First off, I’m excited that two movies I reviewed months ago last year and which I’d given top ripples both won the Golden Globe Best Motion Picture Award last night: The Grand Budapest Hotel (Musical or Comedy) and Boyhood (Drama). The Golden Globe Awards marks the new year with excitement and glamour, an apt recognition of fine films made in the previous year, as we eagerly await the ultimate, the Academy Awards. That will be a final wrap for 2014 movies. So what is in-store for us in 2015? For those familiar with Ripple Effects, one of my focus is on books being turned into movies. The Books Into Films posts are some of the most popular on this blog. I’m particularly interested in the adaptation process, how one art form is transposed into another medium. What works, what doesn’t? And above all, how to appreciate each on its own terms. Here is my first list of books to read (or reread) before you go and watch the movie, all scheduled to be released in 2015, some with known dates, some more tentative. A second list will appear in the online review magazine Shiny New Books come January 29.
Americanah by Chimamanda Ngozi Adichie The acclaimed novel by the award-winning author of Half of the Yellow Sun, Americanah tells a story that crosses three continents in the countries of Nigeria, US, and England, linking two lovers through the expanse of time and space, and exploring the evermore relevant issues of race, identity, drifting and belonging. Adichie’s novel is the winner of the 2013 National Book Critics Circle Award for Fiction among other accolades. It is now adapted into film starring Lupita Nyong’o, on the heels of her 2013 Oscar win as Patsey in 12 Years A Slave, and David Oyelowo, 2015 Golden Globe nominee for his role as Martin Luther King Jr. in Selma. Brooklyn by Colm Tóibín Once again the story of migrating and shifting ground, this time from Dublin to Brooklyn. Colm Tóibín’s 2009 Costa Novel Award winner and longlisted novel on the Booker Prize that year tells the story of Ellis Lacey moving to America from Ireland in the 1950’s, as many did, for new life and opportunities. But her story did not end there. The movie adaptation will premiere at Sundance Film Festival January 26, 2015. Saoirse Ronan plays Ellis. She has come a long way in her career with her first breakout role as young Briony in Ian McEwan’s Atonement. Cast includes Domhnall Gleeson, Jim Broadbent and Julie Walters. Far from the Madding Crowd by Thomas Hardy A highly anticipated film adaptation of Hardy’s classic. That Carey Mulligan is playing Bethsheba Everdene increases my curiosity even more, especially as I hear her sing the folksy tune in the movie trailer. Those who hold onto the Julie Christie’s 1967 portrayal as the definitive version should see this for comparison. Screenplay by David Nicholls, who is no stranger to classics on screen, having previously adapted Tess of the D’urbervilles (TV, 2008), and more recently Great Expectations (2012). What makes this newest Hardy adaptation sound promising is its Danish director Thomas Vinterberg, whose film The Hunt was nominated for a 2014 Best Foreign Language Film Oscar. Matthias Schoenaerts plays Gabriel Oak. Note the name, he will appear in another book to film production. In The Heart of the Sea by Nathaniel Philbrick The book records the true story of the tragic loss of the American whaleship The Essex from Nantucket when it was capsized by a sperm whale in the Pacific Ocean in November 1820. A real life Moby Dick, In The Heart of the Sea was the winner of the 2000 National Book Award for Nonfiction. The crews were stranded at sea for months. The book chronicles the tragedy and the horrific experience by a few survivors. Oscar winning director Ron Howard (A Beautiful Mind, 2001) cast the star of his acclaimed production Rush (2013), Chris Hemsworth, in this adaptation. Also notable is Ben Whishaw playing Herman Melville. A versatile actor, Whishaw had played the poet John Keats, the new Q in James Bond, and is now the voice of Paddington Bear, replacing Colin Firth. Kingsman: The Secret Service by Dave Gibbons and Mark Millar So what’s Colin Firth been busy doing? One of his new movies coming out in 2015 is the adaptation of a comic book, The Secret Service, created by Dave Gibbons and Mark Millar, definitely not something Firth or his fans could have expected when Mr. Darcy dove into that pond at Pemberley. A comic book? You gasp. That’s right, a totally legit read nowadays, when you have the graphic novel of Proust’s In Search of Lost Time on the same shelf in the library. Firth plays Harry Hart training up a young recruit for the Secret Service, with Taron Egerton, Mark Strong, Michael Caine, Samuel L. Jackson, directed by Matthew Vaughn who had all warmed up with Kick-Ass and X-Men. From the trailer, it sure looks like a visual delight, action-filled, slick and clever. The Secret In Their Eyes by Eduardo Sacheri This originally Argentine crime thriller was first adapted into a Spanish movie that won the Best Foreign Language Film Oscar in 2010. As soon as I finished watching the film, I downloaded the music soundtrack; it was deeply moving. This is no ordinary crime thriller, but a poignant, psychological exploration of human experience and memories. The new English version of the film has an appealing cast starring Chiwetel Ejiofor (nominated for an Oscar for his role in 12 Years A Slave), Julia Roberts and Nicole Kidman, helmed by Hunger Games and Captain Phillips director Billy Ray. Ray also wrote the screenplay. I highly anticipate this English version, albeit I admit the original language version is usually the more affective and authentic rendition. Silence by Shûsaku Endô Shûsaku Endô’s historical fiction (1966) on the plight of the Catholic Jesuit missionaries to Japan in the 17th Century is a deep and disturbing novel. It touches on multiple levels of the human spirit and psyche, issues that are not easily labelled by the term ‘religion’, dealing with the problem of faith in a God that appears to be silent in the midst of suffering and persecutions of His followers. In a culture that is xenophobic at the time, Endô, a Catholic himself, confronts the issue of doubt and the power of evil head-on. The book reads like a page turner, and I expect the film adaptation to be cinematically gratifying in the hands of an auteur of the Catholic tradition, Martin Scorsese. The new edition of the book includes Scorsese’s preface. The film is shot in Taiwan instead of Japan, with a perfect cast: Liam Neeson, Andrew Garfield and Adam Driver, screenplay by Jay Cock, screenwriter of The Age of Innocence.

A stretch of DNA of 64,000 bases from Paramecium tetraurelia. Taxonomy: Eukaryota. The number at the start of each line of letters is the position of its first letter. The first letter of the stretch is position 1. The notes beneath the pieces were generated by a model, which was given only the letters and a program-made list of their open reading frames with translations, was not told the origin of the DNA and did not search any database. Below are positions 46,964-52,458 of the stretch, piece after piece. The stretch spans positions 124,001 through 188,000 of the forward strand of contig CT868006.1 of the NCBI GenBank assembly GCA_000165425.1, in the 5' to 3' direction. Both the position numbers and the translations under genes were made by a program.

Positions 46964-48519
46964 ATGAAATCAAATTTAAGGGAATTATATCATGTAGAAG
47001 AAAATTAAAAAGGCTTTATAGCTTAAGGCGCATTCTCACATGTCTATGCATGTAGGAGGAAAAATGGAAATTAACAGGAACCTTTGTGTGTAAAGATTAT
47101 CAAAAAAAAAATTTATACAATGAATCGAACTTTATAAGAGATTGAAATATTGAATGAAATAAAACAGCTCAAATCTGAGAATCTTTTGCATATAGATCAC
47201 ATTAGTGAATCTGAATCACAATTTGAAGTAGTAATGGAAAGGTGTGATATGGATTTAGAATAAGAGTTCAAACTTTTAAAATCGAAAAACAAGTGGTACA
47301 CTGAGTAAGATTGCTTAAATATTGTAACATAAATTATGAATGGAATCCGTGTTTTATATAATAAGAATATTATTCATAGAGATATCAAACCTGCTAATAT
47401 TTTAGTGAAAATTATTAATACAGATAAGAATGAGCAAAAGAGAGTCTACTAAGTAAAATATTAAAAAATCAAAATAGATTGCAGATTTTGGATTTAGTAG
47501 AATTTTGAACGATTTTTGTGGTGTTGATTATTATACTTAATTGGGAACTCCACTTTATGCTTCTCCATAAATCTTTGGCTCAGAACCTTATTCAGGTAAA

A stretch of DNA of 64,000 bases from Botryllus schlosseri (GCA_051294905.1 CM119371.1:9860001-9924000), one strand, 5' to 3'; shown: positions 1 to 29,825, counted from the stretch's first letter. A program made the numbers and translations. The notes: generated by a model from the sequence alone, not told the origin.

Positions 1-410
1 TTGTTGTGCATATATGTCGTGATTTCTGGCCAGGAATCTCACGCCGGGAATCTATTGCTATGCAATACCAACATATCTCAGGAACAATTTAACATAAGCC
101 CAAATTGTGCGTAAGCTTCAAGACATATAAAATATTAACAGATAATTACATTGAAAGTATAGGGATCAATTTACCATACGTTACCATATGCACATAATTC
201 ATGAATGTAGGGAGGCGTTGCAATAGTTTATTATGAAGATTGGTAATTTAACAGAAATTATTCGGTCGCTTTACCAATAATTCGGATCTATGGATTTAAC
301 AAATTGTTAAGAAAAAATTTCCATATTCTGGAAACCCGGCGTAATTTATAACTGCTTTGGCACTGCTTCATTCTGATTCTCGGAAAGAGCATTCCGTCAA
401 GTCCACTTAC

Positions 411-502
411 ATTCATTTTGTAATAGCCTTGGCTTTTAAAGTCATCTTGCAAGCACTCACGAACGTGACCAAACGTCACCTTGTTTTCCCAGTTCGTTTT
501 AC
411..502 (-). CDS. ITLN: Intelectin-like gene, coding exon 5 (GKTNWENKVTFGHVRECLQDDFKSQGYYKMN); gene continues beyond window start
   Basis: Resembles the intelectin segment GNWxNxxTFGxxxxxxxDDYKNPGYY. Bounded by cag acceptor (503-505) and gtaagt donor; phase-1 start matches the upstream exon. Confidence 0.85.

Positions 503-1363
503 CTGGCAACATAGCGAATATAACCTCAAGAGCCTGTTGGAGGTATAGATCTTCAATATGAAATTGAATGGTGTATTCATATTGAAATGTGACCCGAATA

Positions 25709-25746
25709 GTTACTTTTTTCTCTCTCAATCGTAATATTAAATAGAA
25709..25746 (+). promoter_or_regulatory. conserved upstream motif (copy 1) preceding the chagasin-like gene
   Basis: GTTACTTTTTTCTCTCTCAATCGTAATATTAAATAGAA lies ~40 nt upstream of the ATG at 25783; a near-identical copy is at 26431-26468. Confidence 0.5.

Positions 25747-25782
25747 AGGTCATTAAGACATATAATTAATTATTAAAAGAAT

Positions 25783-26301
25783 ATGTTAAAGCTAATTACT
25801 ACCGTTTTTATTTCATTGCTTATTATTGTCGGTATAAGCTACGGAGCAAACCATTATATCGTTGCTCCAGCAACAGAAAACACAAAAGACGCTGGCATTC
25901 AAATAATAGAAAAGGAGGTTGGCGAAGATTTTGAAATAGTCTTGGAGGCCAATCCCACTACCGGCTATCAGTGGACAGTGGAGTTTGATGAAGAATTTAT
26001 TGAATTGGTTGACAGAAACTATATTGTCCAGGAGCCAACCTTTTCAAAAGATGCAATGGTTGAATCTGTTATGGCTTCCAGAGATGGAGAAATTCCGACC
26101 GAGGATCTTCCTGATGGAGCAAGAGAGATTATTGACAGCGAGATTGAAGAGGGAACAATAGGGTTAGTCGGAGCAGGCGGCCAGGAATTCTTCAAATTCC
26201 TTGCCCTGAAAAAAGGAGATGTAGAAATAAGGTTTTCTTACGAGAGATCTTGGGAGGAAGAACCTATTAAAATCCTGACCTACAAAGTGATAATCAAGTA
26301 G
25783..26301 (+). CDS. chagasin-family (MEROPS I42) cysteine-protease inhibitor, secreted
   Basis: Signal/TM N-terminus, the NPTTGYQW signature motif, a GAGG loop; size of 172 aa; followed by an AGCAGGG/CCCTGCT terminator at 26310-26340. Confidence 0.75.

More to come… On January 29, go to Shiny New Books the online review magazine for my second list of 2015 Books into Films.